"When visitors tour our campus in person, there are plenty of oooh's and ahhh's," Dunn said. "Experiencing those same campus spaces in the [Oculus Rift] headset produces the same sense of wonder, without the distance and artifice associated with clicking through images on a browser. As I experienced it, the [Rift] technology enhanced the campus visit experience, rather than distracting from it — a very difficult task for any piece of technology."

Yale is currently planning to acquire its first Oculus Rift development kit (which the company recently made available) to further investigate its potential as an outreach tool, and perhaps enlist the school's recruiters to test it during outreach travel this fall.

"[Yale] officers often visit high schools to meet with groups of interested students during the school day, and I can imagine an officer bringing along a headset to showcase to a small group of students," Dunn said. "I also think we will want to feature the headset during some of our on-campus outreach and recruitment events. This might seem counterintuitive, but our existing YouVisit content includes many campus spaces that we can't normally open up to visitors. Weather and timing can always make it challenging to see everything you want when you visit campus. A virtual tour station during one of our on-campus events would be its own attraction, and the headset itself is just so cool, it's easy to imagine high school seniors lining up for hours just to try it on."

"I would characterize what we plan to do with the Oculus Rift as ‘enthusiastic experimentation,'" Dunn added. "We know the content is great and the experience is exciting. We'll keep playing around with opportunities to put it to use until we find the perfect niche or niches."

These are very early days for this technology, Mandelbaum pointed out. In fact, the Rift device is still a prototype. But Oculus VR has issued a development kit, and vendors have begun creating software for it. "Despite the fact that the development kit made it easier to develop virtual reality tours," Mandelbaum said, "it still took time for our developers to ramp up and become fluid on the platform. Since it is such a new technology, there are no standards, so our team at YouVisit has spent a significant amount of time developing those standards, such as how to navigate a virtual tour and make selections while only using your head, without keyboard and mouse."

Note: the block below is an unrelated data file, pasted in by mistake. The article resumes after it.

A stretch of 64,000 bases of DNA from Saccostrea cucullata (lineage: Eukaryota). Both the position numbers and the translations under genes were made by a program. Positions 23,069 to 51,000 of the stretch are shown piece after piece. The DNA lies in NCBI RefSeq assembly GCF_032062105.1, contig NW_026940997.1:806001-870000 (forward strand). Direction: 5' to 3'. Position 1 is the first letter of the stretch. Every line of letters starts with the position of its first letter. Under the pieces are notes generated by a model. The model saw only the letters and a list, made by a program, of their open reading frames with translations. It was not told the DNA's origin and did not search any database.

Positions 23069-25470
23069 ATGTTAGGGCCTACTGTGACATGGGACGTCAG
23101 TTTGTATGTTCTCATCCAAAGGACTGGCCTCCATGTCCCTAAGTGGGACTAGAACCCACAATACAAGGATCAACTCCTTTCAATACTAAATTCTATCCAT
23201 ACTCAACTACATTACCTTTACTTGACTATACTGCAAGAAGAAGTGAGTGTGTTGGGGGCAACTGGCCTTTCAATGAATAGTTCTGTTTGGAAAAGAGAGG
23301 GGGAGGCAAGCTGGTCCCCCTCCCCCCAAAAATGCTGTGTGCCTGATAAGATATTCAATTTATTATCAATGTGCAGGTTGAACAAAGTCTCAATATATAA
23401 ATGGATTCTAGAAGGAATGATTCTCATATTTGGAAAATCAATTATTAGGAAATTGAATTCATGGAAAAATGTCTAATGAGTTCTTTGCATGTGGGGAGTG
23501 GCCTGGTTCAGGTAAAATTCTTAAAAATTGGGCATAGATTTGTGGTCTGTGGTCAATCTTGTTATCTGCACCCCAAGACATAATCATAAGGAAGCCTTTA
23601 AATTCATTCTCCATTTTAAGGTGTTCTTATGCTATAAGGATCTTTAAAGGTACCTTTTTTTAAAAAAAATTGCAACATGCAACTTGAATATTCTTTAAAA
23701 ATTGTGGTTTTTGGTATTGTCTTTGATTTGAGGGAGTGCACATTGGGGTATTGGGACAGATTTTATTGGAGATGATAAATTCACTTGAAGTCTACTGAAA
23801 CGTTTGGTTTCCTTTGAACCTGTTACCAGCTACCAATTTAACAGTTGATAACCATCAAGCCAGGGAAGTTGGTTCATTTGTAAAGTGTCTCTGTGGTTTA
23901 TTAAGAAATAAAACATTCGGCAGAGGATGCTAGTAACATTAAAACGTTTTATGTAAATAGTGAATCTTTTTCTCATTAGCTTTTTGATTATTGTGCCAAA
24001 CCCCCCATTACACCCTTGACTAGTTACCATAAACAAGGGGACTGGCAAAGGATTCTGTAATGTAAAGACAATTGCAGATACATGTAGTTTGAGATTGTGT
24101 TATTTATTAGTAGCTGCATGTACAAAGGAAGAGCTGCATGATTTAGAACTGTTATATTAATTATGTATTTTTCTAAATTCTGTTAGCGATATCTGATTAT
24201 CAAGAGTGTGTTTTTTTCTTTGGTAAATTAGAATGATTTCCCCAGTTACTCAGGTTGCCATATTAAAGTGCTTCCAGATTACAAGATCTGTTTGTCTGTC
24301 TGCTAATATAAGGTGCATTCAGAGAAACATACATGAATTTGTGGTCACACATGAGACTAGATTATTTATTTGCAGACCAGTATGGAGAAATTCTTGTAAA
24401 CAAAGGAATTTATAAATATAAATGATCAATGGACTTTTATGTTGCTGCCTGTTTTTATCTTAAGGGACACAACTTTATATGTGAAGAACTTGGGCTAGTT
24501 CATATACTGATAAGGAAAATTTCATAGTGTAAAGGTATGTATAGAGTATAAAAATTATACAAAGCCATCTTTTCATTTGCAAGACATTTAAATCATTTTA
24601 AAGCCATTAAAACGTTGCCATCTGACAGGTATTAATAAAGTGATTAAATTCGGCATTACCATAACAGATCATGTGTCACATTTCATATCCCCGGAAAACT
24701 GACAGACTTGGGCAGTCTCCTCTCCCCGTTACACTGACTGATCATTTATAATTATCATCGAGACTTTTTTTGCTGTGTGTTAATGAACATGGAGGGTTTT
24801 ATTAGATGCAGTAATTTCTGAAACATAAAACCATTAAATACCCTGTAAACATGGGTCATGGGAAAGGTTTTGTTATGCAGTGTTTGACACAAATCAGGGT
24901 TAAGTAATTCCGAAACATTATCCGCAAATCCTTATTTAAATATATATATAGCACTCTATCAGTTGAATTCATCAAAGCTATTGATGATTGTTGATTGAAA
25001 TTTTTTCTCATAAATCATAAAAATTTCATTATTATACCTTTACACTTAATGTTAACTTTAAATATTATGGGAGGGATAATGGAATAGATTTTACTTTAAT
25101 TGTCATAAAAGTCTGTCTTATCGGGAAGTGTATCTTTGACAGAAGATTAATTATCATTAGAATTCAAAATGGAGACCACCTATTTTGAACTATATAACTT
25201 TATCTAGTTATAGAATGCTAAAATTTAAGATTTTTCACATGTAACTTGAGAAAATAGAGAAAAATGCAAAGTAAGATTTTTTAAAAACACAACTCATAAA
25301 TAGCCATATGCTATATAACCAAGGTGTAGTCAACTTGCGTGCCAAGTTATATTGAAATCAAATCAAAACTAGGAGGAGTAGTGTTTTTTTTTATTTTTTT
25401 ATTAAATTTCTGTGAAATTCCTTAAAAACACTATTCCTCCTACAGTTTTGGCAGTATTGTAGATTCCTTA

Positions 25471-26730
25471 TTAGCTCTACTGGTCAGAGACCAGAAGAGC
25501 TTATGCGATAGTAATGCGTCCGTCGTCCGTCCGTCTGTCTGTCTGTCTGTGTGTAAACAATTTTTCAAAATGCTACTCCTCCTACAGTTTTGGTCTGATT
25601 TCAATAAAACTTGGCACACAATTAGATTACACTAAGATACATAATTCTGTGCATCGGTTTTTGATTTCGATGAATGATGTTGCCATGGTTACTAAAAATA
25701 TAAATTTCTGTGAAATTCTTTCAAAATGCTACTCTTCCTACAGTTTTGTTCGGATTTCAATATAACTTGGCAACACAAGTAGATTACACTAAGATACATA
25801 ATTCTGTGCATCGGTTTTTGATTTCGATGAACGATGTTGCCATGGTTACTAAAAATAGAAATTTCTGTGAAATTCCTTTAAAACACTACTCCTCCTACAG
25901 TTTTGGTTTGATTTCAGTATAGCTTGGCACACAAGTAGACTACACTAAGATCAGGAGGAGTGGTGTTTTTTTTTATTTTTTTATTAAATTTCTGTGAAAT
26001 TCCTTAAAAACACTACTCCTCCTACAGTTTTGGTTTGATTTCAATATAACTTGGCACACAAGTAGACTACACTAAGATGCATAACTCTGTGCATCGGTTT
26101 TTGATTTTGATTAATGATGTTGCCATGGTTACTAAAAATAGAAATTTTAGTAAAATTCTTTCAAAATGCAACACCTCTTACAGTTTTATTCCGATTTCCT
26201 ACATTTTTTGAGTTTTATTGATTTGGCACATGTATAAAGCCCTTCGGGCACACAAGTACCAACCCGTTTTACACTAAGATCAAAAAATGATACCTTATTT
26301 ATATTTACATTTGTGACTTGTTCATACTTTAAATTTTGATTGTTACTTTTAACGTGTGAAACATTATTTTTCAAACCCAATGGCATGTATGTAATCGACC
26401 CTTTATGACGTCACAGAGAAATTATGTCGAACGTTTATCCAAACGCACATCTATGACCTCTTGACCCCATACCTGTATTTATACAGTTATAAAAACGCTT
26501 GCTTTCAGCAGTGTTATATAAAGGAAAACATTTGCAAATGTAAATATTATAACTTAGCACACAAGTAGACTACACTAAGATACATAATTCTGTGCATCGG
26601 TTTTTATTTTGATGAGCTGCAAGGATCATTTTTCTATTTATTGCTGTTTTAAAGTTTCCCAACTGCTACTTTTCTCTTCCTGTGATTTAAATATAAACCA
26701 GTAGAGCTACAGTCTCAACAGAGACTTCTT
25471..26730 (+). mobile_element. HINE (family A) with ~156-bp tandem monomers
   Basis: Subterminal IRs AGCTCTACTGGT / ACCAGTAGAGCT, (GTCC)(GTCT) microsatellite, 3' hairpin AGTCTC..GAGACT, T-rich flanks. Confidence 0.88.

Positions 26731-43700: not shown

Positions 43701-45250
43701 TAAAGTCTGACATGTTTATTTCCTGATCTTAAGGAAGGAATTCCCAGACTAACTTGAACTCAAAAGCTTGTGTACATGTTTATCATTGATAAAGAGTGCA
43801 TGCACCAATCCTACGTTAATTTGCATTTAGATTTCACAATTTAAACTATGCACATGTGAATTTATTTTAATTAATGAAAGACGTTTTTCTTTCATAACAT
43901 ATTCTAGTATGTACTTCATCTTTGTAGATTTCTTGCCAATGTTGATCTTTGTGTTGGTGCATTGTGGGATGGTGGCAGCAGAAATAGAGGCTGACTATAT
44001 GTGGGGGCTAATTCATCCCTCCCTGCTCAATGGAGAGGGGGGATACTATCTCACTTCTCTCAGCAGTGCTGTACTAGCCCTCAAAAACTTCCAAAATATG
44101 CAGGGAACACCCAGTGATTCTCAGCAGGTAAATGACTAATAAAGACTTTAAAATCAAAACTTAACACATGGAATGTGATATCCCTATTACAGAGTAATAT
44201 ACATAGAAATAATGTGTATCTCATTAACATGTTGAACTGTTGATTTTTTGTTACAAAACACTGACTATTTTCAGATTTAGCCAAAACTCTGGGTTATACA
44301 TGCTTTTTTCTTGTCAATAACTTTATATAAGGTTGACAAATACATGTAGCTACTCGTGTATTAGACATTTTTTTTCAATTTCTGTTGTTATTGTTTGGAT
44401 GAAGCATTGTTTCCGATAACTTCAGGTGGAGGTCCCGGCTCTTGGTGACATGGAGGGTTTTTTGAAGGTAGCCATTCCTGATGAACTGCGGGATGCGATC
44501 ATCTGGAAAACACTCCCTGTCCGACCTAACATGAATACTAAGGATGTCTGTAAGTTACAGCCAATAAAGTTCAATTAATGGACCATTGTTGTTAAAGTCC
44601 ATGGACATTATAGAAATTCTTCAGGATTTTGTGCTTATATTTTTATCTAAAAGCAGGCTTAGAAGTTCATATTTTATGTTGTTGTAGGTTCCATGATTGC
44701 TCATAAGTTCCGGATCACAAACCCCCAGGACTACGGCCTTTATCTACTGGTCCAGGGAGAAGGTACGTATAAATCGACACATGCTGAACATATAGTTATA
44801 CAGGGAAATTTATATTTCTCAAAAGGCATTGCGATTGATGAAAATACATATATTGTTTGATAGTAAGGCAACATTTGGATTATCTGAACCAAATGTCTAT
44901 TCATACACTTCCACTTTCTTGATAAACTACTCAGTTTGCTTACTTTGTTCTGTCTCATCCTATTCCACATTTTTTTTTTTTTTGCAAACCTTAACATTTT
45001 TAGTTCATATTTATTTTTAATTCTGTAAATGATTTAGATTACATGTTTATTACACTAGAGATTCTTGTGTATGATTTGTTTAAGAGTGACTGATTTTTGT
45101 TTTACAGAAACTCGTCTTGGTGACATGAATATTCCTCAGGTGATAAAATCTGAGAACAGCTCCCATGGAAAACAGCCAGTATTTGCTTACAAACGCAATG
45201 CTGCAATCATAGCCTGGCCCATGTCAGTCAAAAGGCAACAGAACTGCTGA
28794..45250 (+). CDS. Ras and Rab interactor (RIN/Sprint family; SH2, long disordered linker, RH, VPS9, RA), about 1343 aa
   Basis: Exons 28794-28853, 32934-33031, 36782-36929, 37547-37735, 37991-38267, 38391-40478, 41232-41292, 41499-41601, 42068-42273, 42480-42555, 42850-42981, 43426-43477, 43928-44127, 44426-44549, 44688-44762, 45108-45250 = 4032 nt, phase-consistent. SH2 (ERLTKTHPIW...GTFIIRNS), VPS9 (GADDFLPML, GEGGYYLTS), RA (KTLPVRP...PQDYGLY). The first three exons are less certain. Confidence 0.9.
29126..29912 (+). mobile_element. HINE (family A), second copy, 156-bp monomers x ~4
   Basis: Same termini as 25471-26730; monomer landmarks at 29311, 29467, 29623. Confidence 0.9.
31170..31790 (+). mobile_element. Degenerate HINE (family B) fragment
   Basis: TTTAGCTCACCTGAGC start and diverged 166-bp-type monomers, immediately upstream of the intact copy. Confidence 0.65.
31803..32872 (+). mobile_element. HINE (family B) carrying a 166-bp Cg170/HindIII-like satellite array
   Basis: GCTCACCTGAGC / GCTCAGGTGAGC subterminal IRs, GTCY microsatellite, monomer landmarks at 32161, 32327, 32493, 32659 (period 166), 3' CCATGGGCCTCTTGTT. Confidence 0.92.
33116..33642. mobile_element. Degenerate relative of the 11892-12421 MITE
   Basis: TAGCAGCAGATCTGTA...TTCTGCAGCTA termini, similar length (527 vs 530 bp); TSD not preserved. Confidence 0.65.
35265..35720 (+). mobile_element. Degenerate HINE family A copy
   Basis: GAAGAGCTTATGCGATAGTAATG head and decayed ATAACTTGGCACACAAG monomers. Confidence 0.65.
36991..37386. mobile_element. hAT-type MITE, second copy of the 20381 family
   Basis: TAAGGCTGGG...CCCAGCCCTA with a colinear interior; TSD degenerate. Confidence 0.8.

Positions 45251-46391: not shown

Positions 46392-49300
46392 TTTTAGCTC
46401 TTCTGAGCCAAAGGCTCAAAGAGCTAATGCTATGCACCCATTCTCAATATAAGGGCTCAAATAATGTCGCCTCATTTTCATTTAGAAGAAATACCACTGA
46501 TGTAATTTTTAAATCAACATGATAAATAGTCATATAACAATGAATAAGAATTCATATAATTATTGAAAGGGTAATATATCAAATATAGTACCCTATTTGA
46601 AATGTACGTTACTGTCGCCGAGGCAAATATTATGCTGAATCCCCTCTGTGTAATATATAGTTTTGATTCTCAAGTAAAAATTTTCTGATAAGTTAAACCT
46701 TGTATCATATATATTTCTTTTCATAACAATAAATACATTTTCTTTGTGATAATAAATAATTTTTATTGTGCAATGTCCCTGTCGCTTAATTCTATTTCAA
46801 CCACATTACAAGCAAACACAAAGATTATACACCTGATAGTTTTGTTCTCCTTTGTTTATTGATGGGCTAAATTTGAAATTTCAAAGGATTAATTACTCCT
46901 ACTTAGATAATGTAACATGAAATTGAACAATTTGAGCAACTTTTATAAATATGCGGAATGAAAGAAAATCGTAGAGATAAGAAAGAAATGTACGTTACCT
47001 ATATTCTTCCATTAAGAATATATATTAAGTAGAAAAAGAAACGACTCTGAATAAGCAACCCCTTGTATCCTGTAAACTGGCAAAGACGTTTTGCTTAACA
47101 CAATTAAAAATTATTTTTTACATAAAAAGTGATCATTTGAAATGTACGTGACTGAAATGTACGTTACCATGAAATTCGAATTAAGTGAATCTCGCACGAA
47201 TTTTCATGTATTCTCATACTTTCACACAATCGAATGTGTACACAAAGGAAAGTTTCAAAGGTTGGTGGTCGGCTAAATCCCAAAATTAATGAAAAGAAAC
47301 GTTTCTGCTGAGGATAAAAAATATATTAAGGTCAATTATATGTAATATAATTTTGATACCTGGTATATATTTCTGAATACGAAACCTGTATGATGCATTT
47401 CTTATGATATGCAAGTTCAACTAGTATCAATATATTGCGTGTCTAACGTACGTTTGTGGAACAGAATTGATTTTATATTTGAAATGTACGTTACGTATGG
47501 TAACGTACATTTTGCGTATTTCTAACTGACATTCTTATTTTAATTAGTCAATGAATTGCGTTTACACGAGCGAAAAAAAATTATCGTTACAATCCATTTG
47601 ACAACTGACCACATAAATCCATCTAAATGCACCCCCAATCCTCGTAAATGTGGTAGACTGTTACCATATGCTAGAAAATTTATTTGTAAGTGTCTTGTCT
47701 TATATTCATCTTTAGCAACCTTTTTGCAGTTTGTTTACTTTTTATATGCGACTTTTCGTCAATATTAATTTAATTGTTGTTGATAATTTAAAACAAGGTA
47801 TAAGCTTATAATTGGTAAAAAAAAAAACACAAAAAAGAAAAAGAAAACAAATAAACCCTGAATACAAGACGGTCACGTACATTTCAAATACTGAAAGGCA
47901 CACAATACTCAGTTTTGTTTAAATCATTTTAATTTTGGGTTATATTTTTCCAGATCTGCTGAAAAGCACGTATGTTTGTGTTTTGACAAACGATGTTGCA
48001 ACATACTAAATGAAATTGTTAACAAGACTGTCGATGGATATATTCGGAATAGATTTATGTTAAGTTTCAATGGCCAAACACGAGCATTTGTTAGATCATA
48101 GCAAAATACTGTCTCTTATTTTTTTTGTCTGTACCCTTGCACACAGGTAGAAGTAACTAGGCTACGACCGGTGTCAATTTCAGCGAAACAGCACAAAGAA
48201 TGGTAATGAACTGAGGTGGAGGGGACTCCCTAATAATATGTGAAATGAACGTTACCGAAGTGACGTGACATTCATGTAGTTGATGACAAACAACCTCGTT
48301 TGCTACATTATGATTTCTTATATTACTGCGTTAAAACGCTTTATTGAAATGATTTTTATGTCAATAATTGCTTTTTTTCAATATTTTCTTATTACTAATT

After splashy coverage of the Facebook acquisition and release of the development kits, Oculus is keeping a low profile, a source who asked not to be identified told Campus Technology. "They don't want the hype to outpace their ability to deliver," the source said. "They want to turn down the heat for now and manage expectations."

And yet there's no lack of hype around this technology. "One day, we believe, this kind of immersive, augmented reality will become a part of daily life for billions of people," Facebook CEO Mark Zuckerberg wrote in a blog post. Iribe himself said in an interview that VR is destined to become "one of the most transformative platforms for education of all time."

But Oculus VR isn't the only vendor pursuing the face-computing delivery of VR. Sony recently unveiled a prototype VR headset for the PlayStation, and a startup called Vrvana is at work on a prototype for gaming called Totem VR.

Although Dunn sees promise in the Oculus Rift, he can't imagine even the most realist VR ever replacing the "traditional college visit experience," which involves much more than looking at buildings.

"We will always encourage students and parents to visit campus to ask questions of students and admissions officers; see how students engage their surroundings; and get a sense of what an ordinary day at Yale is like," he said. "I can imagine, however, that this technology will provide a very valuable supplement to the college visit experience, and could greatly expand the number of visitors who are able to feel what it's like to be inside a Yale Residential College courtyard, or to study inside one of Yale's magnificent libraries."